Lastly, you’ll want to make sure your institution is interested in building a relationship with you.

Even if your builder provides a preferred lender, which may be a great choice since this lender should know the ins and outs of your builder’s construction process and has likely worked with many similar buyers in the past, you will want to shop around and continue to ask questions.

“A lot of times banks now are asking to create a relationship,” says Copley, noting that they might even offer special promotions for new buyers such as adding a checking account. “The hope is that a first-time homebuyer stays in the house for seven years, and we want to build that relationship so that seven years down the road they’re coming back to us for their next mortgage.”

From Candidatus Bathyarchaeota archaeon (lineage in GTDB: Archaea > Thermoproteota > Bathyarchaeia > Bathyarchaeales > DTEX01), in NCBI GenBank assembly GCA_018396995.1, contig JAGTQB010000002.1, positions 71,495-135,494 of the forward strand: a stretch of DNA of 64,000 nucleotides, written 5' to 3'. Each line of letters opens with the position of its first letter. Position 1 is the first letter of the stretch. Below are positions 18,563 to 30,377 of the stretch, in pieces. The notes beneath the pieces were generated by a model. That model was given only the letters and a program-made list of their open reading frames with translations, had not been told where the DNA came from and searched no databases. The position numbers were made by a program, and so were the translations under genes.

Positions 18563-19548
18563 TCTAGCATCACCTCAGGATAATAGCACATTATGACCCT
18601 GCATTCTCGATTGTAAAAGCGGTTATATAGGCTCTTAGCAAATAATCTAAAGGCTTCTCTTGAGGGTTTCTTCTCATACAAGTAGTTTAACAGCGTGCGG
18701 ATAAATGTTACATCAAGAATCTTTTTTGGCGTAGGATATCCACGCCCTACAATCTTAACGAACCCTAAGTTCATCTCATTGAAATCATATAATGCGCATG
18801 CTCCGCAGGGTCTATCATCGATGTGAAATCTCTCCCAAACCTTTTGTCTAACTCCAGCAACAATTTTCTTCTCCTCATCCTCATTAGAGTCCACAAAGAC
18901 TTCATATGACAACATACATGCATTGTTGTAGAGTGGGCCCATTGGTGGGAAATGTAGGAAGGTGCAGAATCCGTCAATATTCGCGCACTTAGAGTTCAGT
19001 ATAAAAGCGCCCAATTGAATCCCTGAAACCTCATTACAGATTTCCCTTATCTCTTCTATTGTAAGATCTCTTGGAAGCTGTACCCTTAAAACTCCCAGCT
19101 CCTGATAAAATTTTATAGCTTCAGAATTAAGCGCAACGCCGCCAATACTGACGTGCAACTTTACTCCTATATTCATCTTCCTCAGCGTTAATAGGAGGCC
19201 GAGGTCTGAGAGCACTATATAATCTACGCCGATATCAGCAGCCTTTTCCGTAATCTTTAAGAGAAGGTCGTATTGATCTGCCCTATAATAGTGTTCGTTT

As you interact with the institution, treat them like you’re going on a first date with them.

Is it someone that you want to build a relationship with? Is that person listening and paying attention? If you spend a whole hour asking questions, did they sit through it with patience and then ask if you had any more?

“What you don’t want to do is get into the process with someone that you don’t feel like is going to have your best interest in mind for the next 90 days or 6 months,” says Copley. “You want to feel comfortable and like that person is going to be out for your best interest and answer the phone.”
Once you’ve found the answers to all of these questions, congratulations, you’ve found your perfect match: the right financial institution!

Drew Knight is a freelance writer for Builders Digital Experience (BDX). You can find him online at LinkedIn.